Last November in Uganda schools were about to close and holidays to start two weeks early because of the Ebola outbreak. The coaches of Hockey Dreams Foundation took it to themselves to raise awareness among children on the prevention of Ebola. The plan was to give this education at six schools to the students they normally train and who know them as their coaches. Coaches went out and about to get all the materials and got all the right information from the Ugandan Ministry of Health.
When the coaches arrived at the schools, they were requested to share this education with all the kids in the schools. The coaches were willing to do this and per school four coaches went to the different classes to inform all the students. They combined instructions, Q&A’s and quizzes to check if the students understood. They learnt a lot about the prevention of Ebola, about the symptoms and the seriousness of this disease.
Coach Okema: “kids asked questions after presentations and that showed me that they learnt a lot.” The schools were grateful to the coaches from Hockey Dreams. Teachers and principals see how coaches use sport to develop skills for everyday life, and this project also showed them that coaches care about the kids’ health. Students brought the insights, and the official flyers, with them to their families, so the information was shared in the communities.
After coaches finished this project in the schools, coach Raskara led the evaluation. All the questions for the evaluation were thought of by the coaches themselves. A great step in project management by the team and a good opportunity to reflect on their individual growth too. The outcome of this project for the coaches’ own learning was that it was a great build-up for their self-confidence.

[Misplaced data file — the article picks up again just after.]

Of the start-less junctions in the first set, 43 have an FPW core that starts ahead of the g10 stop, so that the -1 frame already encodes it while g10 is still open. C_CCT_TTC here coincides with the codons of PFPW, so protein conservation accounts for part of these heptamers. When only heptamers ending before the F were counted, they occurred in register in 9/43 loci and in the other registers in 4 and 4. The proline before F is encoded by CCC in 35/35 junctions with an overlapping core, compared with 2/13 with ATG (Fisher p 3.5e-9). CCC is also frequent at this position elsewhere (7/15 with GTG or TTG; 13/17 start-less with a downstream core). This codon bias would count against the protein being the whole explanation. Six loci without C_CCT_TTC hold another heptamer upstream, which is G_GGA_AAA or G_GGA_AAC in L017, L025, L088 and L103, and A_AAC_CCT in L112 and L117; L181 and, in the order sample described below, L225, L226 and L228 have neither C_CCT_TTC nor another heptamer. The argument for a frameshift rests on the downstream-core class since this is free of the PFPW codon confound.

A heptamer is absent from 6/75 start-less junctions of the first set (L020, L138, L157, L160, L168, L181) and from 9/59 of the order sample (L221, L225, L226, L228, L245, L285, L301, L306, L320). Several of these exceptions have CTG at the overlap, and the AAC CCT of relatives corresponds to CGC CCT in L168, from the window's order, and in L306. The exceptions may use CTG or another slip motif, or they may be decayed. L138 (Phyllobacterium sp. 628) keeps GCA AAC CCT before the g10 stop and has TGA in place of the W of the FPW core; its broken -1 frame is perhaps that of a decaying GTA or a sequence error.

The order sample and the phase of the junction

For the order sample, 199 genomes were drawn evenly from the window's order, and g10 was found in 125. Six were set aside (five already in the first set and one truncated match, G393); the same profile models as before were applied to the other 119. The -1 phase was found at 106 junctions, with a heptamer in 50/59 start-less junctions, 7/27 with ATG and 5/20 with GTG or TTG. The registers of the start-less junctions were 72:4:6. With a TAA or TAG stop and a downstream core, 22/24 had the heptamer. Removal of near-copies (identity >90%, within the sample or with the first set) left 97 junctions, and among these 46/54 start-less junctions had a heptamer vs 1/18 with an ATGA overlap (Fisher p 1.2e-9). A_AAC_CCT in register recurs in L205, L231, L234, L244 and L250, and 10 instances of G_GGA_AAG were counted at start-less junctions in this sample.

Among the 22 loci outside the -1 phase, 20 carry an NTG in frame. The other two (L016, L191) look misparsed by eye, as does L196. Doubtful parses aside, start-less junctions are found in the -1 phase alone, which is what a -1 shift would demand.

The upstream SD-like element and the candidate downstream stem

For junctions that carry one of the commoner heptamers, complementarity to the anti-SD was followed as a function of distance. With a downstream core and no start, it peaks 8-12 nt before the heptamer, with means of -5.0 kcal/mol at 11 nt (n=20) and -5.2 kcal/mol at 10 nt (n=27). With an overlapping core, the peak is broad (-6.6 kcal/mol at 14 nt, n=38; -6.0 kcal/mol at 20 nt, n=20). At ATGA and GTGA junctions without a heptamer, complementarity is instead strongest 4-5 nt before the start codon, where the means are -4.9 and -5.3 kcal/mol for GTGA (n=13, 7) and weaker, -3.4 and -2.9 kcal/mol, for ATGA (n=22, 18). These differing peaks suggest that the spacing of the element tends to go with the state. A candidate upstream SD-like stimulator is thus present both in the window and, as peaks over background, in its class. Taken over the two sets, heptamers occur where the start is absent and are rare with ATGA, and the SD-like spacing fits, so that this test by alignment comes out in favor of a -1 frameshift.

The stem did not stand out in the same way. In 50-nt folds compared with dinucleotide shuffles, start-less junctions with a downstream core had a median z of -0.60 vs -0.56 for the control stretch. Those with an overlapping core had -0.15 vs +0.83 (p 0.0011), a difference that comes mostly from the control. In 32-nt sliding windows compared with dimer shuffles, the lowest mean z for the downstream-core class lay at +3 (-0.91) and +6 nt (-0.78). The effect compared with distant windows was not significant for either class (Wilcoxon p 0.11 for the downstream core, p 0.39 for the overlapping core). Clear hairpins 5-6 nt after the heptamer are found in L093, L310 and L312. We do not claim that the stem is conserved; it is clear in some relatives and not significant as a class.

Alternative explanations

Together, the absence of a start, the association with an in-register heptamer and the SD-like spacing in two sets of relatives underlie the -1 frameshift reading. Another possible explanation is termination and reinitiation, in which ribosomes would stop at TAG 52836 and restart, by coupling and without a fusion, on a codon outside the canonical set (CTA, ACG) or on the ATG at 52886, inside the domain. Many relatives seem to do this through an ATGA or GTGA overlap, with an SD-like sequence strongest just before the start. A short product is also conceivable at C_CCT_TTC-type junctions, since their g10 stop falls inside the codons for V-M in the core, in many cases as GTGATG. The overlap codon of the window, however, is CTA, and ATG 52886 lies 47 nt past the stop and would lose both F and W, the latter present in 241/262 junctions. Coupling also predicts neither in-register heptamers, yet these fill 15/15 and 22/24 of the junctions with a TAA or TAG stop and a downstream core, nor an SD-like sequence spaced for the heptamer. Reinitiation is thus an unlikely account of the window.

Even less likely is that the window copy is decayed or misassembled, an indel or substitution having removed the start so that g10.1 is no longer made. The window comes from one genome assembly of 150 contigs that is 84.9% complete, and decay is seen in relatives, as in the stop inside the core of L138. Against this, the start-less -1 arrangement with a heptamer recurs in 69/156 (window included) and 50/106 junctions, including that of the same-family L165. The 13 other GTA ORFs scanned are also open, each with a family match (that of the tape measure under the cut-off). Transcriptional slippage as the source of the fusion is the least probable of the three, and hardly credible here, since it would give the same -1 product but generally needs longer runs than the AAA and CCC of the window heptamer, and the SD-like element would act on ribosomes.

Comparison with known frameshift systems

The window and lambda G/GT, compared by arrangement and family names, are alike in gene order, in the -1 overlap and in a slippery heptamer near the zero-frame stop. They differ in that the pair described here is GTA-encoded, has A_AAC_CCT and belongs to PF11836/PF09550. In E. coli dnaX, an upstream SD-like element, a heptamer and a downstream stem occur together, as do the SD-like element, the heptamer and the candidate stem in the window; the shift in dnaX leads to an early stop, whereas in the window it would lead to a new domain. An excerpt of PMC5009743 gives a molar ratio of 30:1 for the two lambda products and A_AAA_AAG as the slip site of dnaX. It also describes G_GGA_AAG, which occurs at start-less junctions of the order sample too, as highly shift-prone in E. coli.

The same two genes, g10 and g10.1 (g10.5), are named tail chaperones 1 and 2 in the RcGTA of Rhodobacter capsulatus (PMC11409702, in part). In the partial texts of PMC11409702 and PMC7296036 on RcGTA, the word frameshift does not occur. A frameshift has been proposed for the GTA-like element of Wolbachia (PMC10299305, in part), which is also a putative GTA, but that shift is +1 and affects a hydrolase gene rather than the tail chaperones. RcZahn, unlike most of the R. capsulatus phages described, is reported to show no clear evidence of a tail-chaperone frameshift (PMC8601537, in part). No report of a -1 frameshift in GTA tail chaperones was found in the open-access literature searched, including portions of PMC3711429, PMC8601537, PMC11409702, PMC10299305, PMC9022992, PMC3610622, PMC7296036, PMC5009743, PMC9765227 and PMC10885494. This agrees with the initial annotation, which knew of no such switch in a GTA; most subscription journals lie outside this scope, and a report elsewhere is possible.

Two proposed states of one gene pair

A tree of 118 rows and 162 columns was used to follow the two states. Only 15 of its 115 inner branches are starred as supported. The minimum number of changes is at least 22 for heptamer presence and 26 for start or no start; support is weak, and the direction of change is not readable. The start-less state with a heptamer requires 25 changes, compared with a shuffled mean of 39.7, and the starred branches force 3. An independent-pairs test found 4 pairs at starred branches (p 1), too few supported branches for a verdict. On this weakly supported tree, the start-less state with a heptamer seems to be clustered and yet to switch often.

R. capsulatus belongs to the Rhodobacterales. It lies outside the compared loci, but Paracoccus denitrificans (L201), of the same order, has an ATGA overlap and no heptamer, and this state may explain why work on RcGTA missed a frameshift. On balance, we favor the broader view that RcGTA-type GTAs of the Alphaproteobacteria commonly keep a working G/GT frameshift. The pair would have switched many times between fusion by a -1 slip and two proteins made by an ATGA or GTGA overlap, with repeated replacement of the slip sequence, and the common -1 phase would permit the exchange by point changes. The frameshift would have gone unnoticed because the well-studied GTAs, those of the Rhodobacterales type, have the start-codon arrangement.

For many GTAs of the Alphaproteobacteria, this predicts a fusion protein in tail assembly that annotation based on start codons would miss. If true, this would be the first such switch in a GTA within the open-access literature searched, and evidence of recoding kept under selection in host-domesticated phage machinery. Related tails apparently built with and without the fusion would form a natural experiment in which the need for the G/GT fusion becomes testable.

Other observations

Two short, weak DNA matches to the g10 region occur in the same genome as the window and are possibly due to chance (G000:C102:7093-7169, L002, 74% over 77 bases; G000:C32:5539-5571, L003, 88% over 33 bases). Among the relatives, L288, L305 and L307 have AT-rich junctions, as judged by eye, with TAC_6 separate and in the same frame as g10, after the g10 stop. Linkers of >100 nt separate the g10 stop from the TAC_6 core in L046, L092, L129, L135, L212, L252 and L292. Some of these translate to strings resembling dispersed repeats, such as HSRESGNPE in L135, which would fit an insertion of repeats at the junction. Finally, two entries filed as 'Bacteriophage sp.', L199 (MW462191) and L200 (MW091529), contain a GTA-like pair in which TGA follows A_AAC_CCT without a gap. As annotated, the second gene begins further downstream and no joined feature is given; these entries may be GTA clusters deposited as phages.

As coach Doreen put it: “I learnt communication needs confidence.” And coach Stewart: “talking to kids in a classroom setting built my confidence. It helps me prepare to be able to speak in conferences in the future.”
Teamwork was key and the coaches learnt that they could do a lot more when they divide the work amongst them and that helps to plan well. A lot of coaches realised they were seen as a role model within the schools, often schools they attended themselves. Kids knew about Ebola but needed someone inspirational to talk about it. They saw how for example coach Teddy was looked at as a big role model in the school she went to. It also worked the other way around – coach Alimo: “I got inspired by the attention the kids gave me when I was talking to them.”
Coaches also experience how they can make a difference. Coach Raskara: “Identification of a need and finding a way to solve it, this built my decision-making abilities.” Coaches conclude that this project was a big success, with positive feedback from the teachers. The students, and the coaches, learnt a lot.